Schools buildings participating in the Innovation zones would bridge what is all too common chasm in today’s schools, i.e. the teachers are different from the “tech-support” offices. These two entities would work hand-in-hand to observe students, monitor progress, look for obstacles and challenges and find solutions that will solve those problems. In many cases those solutions can be resolved with appropriate technological supports. Technology will NEVER replace human interaction which is critical to successful education. Technology can however serve to make good teachers great if it is used to help them become the true professionals they are.
The innovation zones would have an initial life expectancy of five years. In that time the districts will be challenged to come up with unique solutions that will address the challenges facing schools in Ohio. Challenges will not be limited to advances in teaching, learning and assessment, but also to demonstrate administrative costs savings to the State by more appropriate use of technologies to create administrative efficiencies. Advances in these innovations zones will be shared with colleagues in other districts outside the innovation zones.
The task of the Superintendent will be to foster conversations among people with varieties of experiences. Foundations can partner with the States by focusing their grantmaking to programs within the innovation zones that have promise to meet these goals.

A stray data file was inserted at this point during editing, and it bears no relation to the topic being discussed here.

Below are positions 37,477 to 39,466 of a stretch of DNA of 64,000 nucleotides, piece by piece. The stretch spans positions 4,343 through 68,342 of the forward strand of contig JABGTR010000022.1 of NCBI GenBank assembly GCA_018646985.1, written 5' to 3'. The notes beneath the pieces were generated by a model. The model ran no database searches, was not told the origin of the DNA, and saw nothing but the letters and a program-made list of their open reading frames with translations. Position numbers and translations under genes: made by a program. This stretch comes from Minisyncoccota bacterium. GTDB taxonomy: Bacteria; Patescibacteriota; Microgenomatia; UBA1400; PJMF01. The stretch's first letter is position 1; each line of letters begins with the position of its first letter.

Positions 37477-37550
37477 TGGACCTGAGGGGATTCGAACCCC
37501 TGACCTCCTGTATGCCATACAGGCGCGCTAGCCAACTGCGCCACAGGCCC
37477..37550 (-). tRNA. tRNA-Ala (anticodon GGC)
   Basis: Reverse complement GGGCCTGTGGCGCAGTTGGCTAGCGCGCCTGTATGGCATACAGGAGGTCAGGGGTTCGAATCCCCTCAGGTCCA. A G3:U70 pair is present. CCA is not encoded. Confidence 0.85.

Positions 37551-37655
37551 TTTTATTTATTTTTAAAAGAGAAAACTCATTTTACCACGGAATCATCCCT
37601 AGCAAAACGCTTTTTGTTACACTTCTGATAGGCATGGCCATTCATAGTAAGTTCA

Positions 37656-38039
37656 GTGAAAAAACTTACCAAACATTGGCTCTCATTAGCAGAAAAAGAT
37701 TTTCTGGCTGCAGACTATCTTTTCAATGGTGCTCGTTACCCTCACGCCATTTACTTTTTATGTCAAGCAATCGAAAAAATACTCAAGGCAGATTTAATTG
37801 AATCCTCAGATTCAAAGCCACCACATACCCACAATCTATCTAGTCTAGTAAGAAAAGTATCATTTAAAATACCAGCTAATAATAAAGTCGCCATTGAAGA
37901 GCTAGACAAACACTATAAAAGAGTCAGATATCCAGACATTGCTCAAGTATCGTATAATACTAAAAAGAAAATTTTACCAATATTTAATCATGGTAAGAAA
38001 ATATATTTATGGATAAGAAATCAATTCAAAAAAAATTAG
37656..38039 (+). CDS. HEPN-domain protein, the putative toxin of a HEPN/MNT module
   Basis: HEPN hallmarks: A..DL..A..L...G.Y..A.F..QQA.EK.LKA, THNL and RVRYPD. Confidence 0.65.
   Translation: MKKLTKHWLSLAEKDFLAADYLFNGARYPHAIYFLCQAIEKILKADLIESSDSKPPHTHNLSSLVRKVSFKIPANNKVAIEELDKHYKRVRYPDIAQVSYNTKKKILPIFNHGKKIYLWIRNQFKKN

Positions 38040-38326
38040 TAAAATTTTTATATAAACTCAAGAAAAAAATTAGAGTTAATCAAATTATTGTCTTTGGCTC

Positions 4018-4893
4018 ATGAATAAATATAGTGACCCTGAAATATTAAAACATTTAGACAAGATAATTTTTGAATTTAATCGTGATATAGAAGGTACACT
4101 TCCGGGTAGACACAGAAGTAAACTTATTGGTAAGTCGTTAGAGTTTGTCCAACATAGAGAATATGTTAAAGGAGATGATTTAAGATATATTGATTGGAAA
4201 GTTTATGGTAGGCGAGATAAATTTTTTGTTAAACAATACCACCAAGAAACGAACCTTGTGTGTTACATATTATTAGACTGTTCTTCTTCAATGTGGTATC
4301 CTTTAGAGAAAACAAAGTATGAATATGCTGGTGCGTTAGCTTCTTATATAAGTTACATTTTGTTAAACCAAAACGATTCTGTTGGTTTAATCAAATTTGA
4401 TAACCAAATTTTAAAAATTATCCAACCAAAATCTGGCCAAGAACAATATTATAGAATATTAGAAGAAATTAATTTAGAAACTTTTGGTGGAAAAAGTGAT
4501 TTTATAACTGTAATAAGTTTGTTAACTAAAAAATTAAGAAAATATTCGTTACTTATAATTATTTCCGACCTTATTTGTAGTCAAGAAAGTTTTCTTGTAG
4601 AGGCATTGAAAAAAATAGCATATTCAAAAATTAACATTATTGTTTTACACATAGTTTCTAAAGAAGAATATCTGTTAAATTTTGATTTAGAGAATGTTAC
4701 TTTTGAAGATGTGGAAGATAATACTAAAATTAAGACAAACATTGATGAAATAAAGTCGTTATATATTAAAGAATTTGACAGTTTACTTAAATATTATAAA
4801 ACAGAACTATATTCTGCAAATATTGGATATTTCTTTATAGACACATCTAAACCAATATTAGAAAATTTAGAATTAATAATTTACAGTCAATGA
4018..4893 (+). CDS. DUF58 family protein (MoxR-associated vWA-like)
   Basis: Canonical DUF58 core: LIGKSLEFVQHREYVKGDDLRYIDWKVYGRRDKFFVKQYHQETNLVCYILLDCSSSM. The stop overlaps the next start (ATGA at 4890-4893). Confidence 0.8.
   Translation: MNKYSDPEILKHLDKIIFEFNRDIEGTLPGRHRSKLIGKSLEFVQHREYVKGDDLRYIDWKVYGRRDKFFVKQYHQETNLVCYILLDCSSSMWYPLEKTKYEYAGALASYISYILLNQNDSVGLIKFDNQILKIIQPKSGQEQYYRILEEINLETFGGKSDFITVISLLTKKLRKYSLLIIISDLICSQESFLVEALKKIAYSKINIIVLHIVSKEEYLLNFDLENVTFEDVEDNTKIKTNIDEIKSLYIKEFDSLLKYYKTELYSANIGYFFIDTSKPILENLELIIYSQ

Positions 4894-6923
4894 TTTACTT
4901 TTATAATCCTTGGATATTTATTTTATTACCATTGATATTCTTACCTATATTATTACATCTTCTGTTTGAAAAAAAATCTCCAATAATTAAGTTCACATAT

I submit that using Race to the Top funds to establish this type of culture for innovation would be far superior to what is currently in the application.
The economic depression continues to decimate families in communities throughout the area served by The Nord Family Foundation. The President was in town last week and spoke about jobs. The legislative quagmire over addressing health-care has thwarted meaningful conversation about this important topic. Hope for a resolution to the challenge of the rapidly growing number of medically uninsured people is dissipated. As politicians focus more on gaining political points for partisan camps, community members of this part of the rust belt still try to find solutions to this massive problem.